ALASKA VOLCANO OBSERVATORY INFORMATION STATEMENT U.S. Geological Survey Wednesday, September 27, 2017, 3:07 PM AKDT (Wednesday, September 27, 2017, 23:07 UTC)
53°55'38" N 168°2'4" W,
Summit Elevation 492 ft (150 m)
Current Volcano Alert Level: ADVISORY
Current Aviation Color Code: YELLOW
Current status of the volcano
AVO lowered the Aviation Color Code to YELLOW and the Volcano Alert Level to ADVISORY today following 4 weeks of relative quiet since the last explosion on August 30, 2017. It is uncertain whether the 2016-17 eruptive period has ended, or if the current quiet period is only a pause in a longer eruptive episode. Thus far in the 2016-17 unrest, there have been pauses in activity of up to two months between explosions, so it remains possible for the volcano to reawaken and erupt explosively in the coming weeks to months. If eruptive activity resumes, we expect a similar style of behavior as observed since mid-December 2016, including: explosively generated ash clouds, pyroclastic base surges, and possibly the effusion of subaerial lava domes.
AVO’s ability to detect unrest and forecast eruptions at Bogoslof remains limited because it is not monitored by a local, on-island geophysical network. AVO is using seismic sensors from Okmok (32 mi, or 50 km) and Makushin (45 mi, or 72 km) volcanoes on neighboring Umnak and Unalaska Islands to monitor activity. Some significant explosive events have been preceded by unrest observed on the Okmok and Makushin networks, allowing AVO to provide some forecasts, whereas other explosions have occurred with no detectable precursors.
While many of the explosive events in the current episode have not been preceded by detectable unrest, AVO has in all cases been able to detect the onset of an explosive eruption within minutes, using seismicity as well as infrasound signals (pressure waves) that we can detect on sensors at Okmok volcano. The World Wide Lightning Location Network (http://wwlln.net/) provides near-real-time (within minutes) automated alerts of lightning flashes near Bogoslof that have been shown to be indicative of explosive activity at the volcano.
AVO also uses near-real-time satellite data to detect explosive eruptions, to estimate volcanic cloud height and to track the dispersion of the resulting volcanic clouds. Although we can detect energetic explosive activity in real-time, there is typically a lag of tens of minutes until we can characterize the magnitude of the event and the altitude of the volcanic cloud. These data can also detect highly elevated surface temperatures from lava effusion, the presence of a lava dome, or hot ash deposits. Extensive and persistent cloud cover can obscure observations of volcanic activity in satellite data.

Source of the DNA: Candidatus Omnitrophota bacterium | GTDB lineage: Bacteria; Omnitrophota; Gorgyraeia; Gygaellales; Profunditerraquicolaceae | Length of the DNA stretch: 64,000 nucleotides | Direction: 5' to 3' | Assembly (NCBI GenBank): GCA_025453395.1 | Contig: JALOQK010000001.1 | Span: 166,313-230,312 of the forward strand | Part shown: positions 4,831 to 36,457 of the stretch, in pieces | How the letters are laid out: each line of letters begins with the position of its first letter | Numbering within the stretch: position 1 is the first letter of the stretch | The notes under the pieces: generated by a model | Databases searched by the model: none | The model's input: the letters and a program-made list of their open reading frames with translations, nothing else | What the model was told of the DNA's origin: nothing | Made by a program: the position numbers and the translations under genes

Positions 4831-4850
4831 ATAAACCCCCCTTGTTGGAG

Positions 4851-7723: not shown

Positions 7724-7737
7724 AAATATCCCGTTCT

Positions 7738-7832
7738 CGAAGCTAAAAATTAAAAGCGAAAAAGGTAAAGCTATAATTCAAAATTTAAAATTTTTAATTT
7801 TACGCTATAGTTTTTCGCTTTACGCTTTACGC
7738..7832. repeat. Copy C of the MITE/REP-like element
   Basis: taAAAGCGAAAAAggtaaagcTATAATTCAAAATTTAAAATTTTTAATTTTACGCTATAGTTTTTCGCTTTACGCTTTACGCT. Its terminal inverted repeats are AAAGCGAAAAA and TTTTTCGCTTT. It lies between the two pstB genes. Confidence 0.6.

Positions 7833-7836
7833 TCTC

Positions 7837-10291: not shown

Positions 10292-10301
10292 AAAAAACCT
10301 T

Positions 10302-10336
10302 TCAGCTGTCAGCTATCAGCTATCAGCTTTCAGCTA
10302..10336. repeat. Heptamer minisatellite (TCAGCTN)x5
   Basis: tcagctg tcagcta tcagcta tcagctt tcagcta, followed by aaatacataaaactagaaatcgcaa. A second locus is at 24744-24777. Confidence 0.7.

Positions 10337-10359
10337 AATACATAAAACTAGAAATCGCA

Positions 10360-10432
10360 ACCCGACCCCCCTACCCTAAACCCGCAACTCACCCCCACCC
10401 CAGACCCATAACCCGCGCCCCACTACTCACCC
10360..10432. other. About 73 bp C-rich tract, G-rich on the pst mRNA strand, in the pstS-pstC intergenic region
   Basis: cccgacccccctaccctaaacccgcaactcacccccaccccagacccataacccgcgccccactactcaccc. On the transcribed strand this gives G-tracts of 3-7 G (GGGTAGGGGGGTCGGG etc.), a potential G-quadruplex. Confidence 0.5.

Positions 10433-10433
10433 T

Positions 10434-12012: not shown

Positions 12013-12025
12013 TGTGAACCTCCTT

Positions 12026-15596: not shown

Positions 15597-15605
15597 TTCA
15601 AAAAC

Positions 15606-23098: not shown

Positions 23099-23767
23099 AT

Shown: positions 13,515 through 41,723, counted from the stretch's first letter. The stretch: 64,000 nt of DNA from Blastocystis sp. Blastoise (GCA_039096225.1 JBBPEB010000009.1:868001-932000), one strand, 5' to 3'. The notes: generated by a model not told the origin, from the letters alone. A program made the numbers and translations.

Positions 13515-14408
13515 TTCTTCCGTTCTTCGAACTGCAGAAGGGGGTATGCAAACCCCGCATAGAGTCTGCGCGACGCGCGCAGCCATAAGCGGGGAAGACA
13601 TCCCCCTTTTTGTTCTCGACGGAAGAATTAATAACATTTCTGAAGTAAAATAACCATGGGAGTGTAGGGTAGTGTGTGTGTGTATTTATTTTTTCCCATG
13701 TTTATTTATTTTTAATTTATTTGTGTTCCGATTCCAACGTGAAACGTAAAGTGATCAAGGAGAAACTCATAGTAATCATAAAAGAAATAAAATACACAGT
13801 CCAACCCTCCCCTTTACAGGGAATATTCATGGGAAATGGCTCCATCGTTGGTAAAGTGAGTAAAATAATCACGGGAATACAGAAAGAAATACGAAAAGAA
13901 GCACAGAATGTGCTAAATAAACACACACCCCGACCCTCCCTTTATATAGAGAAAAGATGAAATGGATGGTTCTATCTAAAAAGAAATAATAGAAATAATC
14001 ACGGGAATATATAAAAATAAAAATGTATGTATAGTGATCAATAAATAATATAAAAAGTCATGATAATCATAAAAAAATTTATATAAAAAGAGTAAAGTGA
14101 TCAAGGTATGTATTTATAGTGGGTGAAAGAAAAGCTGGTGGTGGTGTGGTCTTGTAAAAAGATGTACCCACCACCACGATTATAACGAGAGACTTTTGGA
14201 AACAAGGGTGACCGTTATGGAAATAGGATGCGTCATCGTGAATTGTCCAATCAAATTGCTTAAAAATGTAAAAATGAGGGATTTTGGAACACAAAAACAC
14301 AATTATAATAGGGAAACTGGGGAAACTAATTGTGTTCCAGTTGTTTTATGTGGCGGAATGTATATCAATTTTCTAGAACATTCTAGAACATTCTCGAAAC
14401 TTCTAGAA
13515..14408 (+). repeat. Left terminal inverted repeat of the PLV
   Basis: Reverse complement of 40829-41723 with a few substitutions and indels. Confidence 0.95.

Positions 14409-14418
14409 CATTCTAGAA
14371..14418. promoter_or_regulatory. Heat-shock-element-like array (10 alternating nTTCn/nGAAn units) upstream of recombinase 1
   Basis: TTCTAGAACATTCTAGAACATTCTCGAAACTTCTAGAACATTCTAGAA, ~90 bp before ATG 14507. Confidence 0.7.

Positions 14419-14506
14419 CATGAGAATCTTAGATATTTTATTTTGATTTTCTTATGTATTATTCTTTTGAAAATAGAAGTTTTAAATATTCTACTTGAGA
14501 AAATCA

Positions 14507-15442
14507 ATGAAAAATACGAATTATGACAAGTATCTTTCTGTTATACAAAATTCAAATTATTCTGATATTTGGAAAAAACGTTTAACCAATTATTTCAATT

Past eruptions of Bogoslof volcano
Bogoslof volcano has had at least eight historical eruptive periods since 1795–96. Most of the eruptive episodes were characterized by ash emission, intermittent periods of lava fountaining, ballistic ejecta, and the effusion of lava in the form of conically shaped accumulations known as lava domes. Drifting ash clouds from Bogoslof eruptions have produced measurable ash fall on Umnak and Unalaska Islands to the south and east in 1796–1806, 1883, 1907 and 2017. The duration of individual eruptive periods is not well constrained although historical records indicate that Bogoslof can remain restless and erupt intermittently for periods of a few weeks to three or more years. Many eruptions have culminated with the subaerial emplacement of a lava dome. During some eruptive periods, including the current activity, multiple lava domes were emplaced, but were subsequently destroyed by explosive activity. Many of the documented Bogoslof eruptions occurred from shallow submarine vents and the interaction of magma and seawater has been a common eruptive process. As a result, volcanic clouds are typically water rich and appear lighter in color relative to ash clouds produced by subaerial eruptions. The violent nature of magma-water interaction can lead to the generation of pyroclastic base surges which may travel 5–6 km or more beyond Bogoslof Island.
Bogoslof Island is the largest of a cluster of small, low-lying islands making up the summit of a large submarine stratovolcano. The highest point above sea level prior to this eruption was about 100 m (300 ft); however, the volcano is frequently altered by both eruptions and wave erosion and has undergone dramatic changes in historical time. The two main islands currently above sea level are Fire Island and Bogoslof Island, both located about 98 km (61 mi) northwest of Unalaska/Dutch Harbor, 123 km (76 mi) northeast of Nikolski, and 149 km (93 mi) northeast of Akutan. The volcano is situated slightly north (behind) the main Aleutian volcanic front. Bogoslof volcano is within the U.S. Fish and Wildlife Service Alaska Maritime National Wildlife Refuge and is habitat for marine mammals and seabirds (https://www.fws.gov/refuge/alaska_maritime/).
Jeff Freymueller, Coordinating Scientist, UAFGI
email@example.com (907) 322-4085
The Alaska Volcano Observatory is a cooperative program of the U.S. Geological Survey, the University of Alaska Fairbanks Geophysical Institute, and the Alaska Division of Geological and Geophysical Surveys.